The Pirate Bay’s founders face jail after they’re denied a Supreme Court appeal

The Pirate Bay’s founders face jail after they’re denied a Supreme Court appeal

The founders of controversial BitTorrent search site The Pirate Bay have been denied a Supreme Court appeal in Sweden, meaning that the prison sentences and fines they were handed in November 2010 will stand – but it seems there’s still a chance they may avoid jail.

As TorrentFreak and The Local report, Sweden’s Supreme Court’s decision to deny an appeal on the ruling was announced this morning. This means that Pirate Bay founders Peter Sunde, Fredrik Neij, Carl Lundström and Gottfrid Svartholm face between 4 and 10 months in prison as well as a total of $6.8 million in fines between them.

Carl Lundström’s lawyer has described the ruling to Swedish site DN as “absurd,” saying “I am disappointed that the court is so uninterested to dissect and look through all the legal comings and goings in one of the world’s most watched court cases of all time.”

Meanwhile, the legal counsel for Sweden’s Anti-Piracy Bureau, quoted by The Local, commented that ”A society ruled by law has now had its say and this is a breaking point in a drawn out discussion about copyright on the internet. The highest court has made it clear that anyone who takes any part in these crimes, even those who supply the internet connection, will have to face up to their responsibility.”

However, the length of time this case has been running may play into the Pirate Bay founders’ hands by keeping them out of jail. As TorrentFreak reports, “It is common in the Swedish justice system to deduct 12 months from any prison sentence on cases over 5 years old. Since the case in question meets that criteria the Pirate Bay defendants would qualify, but the decision lies with the court.” TorrentFreak also reports that one of the Pirate Bay founders intends to take the case to the European Court of Justice.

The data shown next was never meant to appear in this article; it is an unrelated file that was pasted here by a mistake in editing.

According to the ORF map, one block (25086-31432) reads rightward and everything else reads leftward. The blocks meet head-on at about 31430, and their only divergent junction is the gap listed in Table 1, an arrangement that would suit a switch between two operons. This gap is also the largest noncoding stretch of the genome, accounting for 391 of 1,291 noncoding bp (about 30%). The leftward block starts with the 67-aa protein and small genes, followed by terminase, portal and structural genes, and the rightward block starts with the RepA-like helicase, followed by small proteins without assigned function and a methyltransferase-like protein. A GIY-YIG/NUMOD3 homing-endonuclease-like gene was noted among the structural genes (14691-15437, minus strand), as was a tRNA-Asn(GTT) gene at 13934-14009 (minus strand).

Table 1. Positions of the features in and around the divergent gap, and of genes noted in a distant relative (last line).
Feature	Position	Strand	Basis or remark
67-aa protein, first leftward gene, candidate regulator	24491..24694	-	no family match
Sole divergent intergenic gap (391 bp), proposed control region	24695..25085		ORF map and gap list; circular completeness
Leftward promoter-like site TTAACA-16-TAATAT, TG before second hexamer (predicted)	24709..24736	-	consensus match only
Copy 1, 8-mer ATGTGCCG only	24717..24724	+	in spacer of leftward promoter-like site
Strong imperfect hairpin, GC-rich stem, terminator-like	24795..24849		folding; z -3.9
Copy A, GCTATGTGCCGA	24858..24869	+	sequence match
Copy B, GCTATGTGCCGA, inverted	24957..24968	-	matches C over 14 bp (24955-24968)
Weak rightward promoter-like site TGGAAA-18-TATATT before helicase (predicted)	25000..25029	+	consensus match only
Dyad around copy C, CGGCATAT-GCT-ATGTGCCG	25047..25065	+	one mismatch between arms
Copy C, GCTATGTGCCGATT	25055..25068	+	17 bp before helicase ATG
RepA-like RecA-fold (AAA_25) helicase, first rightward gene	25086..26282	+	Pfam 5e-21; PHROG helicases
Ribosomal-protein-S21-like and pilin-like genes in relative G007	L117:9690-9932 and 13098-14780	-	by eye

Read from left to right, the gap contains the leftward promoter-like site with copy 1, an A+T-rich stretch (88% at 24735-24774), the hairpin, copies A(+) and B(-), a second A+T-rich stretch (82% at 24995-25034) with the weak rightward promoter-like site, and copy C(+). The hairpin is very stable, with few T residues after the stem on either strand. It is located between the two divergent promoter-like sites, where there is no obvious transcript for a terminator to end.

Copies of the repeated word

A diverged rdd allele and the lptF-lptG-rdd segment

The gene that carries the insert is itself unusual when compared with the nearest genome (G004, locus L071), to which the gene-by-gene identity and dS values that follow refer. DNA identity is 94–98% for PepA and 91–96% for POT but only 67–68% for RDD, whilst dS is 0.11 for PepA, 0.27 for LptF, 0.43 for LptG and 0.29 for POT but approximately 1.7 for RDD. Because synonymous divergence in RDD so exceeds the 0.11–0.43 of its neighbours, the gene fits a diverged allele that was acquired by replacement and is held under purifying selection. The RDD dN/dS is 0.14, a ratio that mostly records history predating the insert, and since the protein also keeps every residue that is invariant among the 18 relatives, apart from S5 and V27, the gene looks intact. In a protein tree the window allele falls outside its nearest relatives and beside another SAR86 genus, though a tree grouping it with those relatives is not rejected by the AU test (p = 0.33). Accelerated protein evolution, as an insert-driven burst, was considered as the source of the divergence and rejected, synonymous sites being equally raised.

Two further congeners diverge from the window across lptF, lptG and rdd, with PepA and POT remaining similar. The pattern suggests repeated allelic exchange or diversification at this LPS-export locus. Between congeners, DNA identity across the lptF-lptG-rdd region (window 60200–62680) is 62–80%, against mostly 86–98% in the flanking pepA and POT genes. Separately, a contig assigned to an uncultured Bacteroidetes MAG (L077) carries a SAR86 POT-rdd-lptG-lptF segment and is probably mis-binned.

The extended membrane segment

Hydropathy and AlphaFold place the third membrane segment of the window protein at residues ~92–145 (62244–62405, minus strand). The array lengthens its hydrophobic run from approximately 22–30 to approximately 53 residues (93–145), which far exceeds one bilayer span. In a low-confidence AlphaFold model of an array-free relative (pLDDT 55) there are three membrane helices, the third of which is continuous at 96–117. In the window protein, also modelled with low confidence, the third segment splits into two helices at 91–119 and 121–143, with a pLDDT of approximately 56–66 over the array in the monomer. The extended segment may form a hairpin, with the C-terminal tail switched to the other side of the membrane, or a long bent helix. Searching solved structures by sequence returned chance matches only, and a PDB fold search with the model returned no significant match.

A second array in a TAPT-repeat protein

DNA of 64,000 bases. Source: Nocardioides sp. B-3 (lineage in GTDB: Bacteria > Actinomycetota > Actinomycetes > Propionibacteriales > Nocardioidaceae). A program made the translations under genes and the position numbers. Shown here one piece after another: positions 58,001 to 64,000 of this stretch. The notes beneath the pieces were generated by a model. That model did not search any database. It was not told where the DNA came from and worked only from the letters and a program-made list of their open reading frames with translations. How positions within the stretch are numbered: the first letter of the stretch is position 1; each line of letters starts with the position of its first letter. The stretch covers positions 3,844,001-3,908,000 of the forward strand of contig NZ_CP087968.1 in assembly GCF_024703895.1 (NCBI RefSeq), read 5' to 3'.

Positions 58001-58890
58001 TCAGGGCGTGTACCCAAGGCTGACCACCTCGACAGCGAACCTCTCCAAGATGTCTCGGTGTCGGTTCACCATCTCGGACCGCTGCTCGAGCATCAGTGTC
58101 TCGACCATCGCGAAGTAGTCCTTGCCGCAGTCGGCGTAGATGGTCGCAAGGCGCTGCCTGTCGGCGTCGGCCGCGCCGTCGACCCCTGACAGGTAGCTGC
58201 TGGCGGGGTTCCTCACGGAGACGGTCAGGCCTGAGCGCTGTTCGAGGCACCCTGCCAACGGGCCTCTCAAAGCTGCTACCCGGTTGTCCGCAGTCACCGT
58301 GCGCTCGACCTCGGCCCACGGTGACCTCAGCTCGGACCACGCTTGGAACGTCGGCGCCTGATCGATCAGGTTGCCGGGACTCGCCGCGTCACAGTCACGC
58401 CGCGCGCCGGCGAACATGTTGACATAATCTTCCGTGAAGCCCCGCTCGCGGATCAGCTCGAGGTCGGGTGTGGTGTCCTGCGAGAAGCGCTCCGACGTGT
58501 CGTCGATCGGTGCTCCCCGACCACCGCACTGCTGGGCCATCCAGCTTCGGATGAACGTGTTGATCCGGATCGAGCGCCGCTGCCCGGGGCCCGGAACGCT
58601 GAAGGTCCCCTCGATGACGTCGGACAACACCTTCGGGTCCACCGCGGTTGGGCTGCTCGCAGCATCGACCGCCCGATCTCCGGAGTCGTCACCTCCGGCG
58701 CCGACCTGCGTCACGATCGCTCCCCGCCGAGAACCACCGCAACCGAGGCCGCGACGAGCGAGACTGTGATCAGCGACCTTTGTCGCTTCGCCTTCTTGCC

Regardless of whether the four (one of whom was sentenced in his absence) end up in jail or not, their fines still stand. The Pirate Bay was sold by its original owners in June 2009.

UPDATE: Peter Sunde, who since leaving The Pirate Bay has founded micropayments service Flattr, has written about today’s news on his blog, blaming what he describes as corruption in the Swedish legal system.

“Even though the outcome (which we still haven’t reached) is not favorable for my personal situation, the end goal that we fight for is so much more important than some peoples personal struggles. I’ll live with not being rich – which is easy when you’re not rich anyhow – the rest of my life.

“I’ll live with whatever sentence I’ll get in the end – I’ll just finish my book. The fight goes on with or without me, I’m just a pawn. But at least I’m a pawn on the morally right side. I’m proud as hell of what I’ve done and I would not change my involvement in any way. I actually think I could have done much more for the fight. And I will.”

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